Kemal Kilicdaroglu, the main opposition candidate in Turkey’s presidential election, is decidedly calm and mild-mannered in his bid to end the two-decade rule of President Recep Tayyip Erdogan.
Much of his campaign messaging has been delivered from his quintessentially Turkish middle-class home and posted on Twitter, in videos that some observers have called his “kitchen diaries.”
Seated, often with tea in an “ince belli”, a Turkish teacup, he lays out his key campaign promises, announces members of his potential coalition, and sometimes just speaks candidly to the people, virtually welcoming the public into his home.
Such gestures are in stark contrast to the elitist image he and his party once had. Analysts say the desire to appeal to today’s voters has seen the presidential candidate undergo an image makeover over the years. His messages now target Turkey’s middle class and the downtrodden, the very constituency that Erdogan has always championed.
But Erdogan is now seen by his critics as being responsible for the economic turmoil the country is facing, largely due to his inability to control runaway inflation, an issue that polls have said is high on the agenda of voters who go to the ballot box on Sunday. Inflation in the country was at 43% in April, down from its peak of 85% last October.
For Erdogan’s opponents, that’s fodder for campaigns against him.
Promising to fix Turkey’s faltering economy has been a cornerstone of Kilicdaroglu’s campaign. In a video posted on Twitter on Friday, he stood in the kitchen and held up staples like bread, eggs, and yogurt, reminding viewers how much their price had soared in a year. In a separate four-second clip, he says: “Today, if you are poorer than yesterday, the only reason is Erdogan.”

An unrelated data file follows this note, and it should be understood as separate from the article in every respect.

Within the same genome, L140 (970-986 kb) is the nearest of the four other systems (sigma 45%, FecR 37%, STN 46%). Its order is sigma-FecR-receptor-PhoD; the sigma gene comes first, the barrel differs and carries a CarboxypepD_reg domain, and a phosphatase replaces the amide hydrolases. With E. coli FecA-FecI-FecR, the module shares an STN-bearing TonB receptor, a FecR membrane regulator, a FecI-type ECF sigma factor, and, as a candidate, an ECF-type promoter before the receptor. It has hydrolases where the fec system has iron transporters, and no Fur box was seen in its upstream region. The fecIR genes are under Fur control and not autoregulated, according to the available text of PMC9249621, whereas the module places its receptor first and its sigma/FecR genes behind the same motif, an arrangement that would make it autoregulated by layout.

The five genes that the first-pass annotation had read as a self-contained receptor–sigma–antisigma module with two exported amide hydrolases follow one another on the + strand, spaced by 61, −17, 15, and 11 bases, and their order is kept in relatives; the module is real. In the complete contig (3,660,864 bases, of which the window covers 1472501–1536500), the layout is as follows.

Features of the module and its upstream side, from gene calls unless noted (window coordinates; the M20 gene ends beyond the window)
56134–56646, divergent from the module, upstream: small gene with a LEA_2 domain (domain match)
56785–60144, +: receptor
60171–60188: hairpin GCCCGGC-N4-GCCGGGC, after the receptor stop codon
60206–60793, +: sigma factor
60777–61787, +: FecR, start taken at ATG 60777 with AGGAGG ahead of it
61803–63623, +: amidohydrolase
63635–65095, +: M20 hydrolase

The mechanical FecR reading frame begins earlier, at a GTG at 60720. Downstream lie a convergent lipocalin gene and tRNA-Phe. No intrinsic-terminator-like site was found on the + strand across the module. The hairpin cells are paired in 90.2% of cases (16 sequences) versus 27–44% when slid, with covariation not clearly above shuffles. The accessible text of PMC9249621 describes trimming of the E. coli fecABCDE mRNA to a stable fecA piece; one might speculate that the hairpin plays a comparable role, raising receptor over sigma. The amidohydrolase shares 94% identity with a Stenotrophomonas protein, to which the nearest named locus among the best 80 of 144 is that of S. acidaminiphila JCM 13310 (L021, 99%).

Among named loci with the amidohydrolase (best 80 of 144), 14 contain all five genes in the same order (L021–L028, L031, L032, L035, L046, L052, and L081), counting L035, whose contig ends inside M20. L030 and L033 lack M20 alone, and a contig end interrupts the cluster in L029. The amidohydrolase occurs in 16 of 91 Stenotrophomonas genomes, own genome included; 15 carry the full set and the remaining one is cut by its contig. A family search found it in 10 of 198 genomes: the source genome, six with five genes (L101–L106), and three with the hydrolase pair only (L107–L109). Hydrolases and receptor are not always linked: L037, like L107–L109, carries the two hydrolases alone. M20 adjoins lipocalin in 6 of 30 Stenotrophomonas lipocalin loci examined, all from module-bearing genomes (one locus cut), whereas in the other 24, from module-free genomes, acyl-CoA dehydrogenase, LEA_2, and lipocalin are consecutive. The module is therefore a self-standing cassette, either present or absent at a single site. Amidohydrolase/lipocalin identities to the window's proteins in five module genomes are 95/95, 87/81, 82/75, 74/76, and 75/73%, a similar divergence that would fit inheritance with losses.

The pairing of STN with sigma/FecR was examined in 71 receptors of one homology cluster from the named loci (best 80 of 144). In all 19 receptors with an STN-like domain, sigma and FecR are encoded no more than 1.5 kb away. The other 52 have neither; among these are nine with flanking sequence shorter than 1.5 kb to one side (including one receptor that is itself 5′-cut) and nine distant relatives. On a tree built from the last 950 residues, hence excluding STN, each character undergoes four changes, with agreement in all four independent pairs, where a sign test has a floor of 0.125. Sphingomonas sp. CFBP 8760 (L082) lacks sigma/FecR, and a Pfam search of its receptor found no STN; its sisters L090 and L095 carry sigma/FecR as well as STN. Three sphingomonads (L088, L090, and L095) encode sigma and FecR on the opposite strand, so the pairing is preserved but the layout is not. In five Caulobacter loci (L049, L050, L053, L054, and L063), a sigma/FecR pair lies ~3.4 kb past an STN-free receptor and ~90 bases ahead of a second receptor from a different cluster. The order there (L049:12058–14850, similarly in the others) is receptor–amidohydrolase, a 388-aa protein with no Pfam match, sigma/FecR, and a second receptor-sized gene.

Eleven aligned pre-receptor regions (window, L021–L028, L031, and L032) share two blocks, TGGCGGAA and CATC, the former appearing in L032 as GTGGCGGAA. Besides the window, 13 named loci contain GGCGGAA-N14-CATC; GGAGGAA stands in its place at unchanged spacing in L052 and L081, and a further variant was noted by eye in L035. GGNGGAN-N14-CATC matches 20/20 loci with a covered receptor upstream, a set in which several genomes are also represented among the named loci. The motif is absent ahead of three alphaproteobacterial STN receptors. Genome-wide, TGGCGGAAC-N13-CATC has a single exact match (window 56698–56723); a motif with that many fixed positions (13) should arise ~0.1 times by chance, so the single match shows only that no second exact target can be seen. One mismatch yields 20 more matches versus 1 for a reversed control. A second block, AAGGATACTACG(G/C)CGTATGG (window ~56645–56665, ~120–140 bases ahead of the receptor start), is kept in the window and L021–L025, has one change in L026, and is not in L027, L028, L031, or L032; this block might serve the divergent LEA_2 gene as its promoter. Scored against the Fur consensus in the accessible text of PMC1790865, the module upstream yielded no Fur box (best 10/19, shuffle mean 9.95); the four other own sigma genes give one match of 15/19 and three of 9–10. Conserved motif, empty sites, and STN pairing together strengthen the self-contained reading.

Gulfem Saydan Sanver, a political communication expert who works with several politicians in Kilicdaroglu’s center-left Republican People’s Party (CHP), said the kitchen has become a “symbol” of the candidate, “that he is living in a humble (life), and he is dealing with daily life problems of the ordinary Turkish citizens.”
“(He) wanted to show that Erdogan is the one who has forgotten about the problems of the lower income families,” she said.
His use of Twitter to reach the electorate may not have been out of choice, however. The majority of mainstream media outlets in the country are controlled by government loyalists, prompting the opposition to lean heavily into social media messaging.
When he took control of the CHP in 2010, Kilicdaroglu had an image problem, experts say. His party was staunchly secular and fiercely nationalistic. Today, however, it has unified disparate political players, is trying to court the Kurdish vote and has even welcomed defectors from Erdogan’s Islamist-leaning Ak Party.
According to some of those who’ve known him, the career bureaucrat turned politician was seen as elitist and disconnected from the working class as he took control of the party, much as the CHP itself was perceived. Erdogan’s government capitalized on that.
The home videos would have been hard to imagine in the early days of his political career since his natural inclination is to keep his private life to himself, said Mehmet Karli, CHP member and longtime adviser to Kilicdaroglu.
But the soft-spoken demeanor portrayed from his home could have downsides.
Sanver said the kitchen videos had the potential to come off as too soft for some of the tougher foreign policy issues in Turkey – including ties with Russian President Vladimir Putin and the United States.
Erdogan has been able to leverage personal relationships and has shown effective leadership in one of the world’s most intractable issues. Alongside the United Nations, he managed to broker a deal on grain exports between Ukraine and Russia, helping prevent a global food crisis.
Delivering some addresses from his office may have helped establish a more serious persona while showing he’s still a different leader than Erdogan, she said.
In a country where ethnic and religious identity often plays a part in the public discourse and is exploited by some politicians, Kilicdaroglu has moved swiftly to deprive his opponents of ammunition.
In a video posted on Twitter from his office last month, he declared to the electorate that he belongs to the Alevi sect, a minority faith group from the east of Turkey that has for years complained about persecution in the majority Sunni Muslim country. The video was watched 36 million times.
“We will no longer talk about identities; we will talk about achievements,” he said. “We will no longer talk about divisions and differences; we will speak of our commonality and our common dreams. Will you join this campaign for this change?”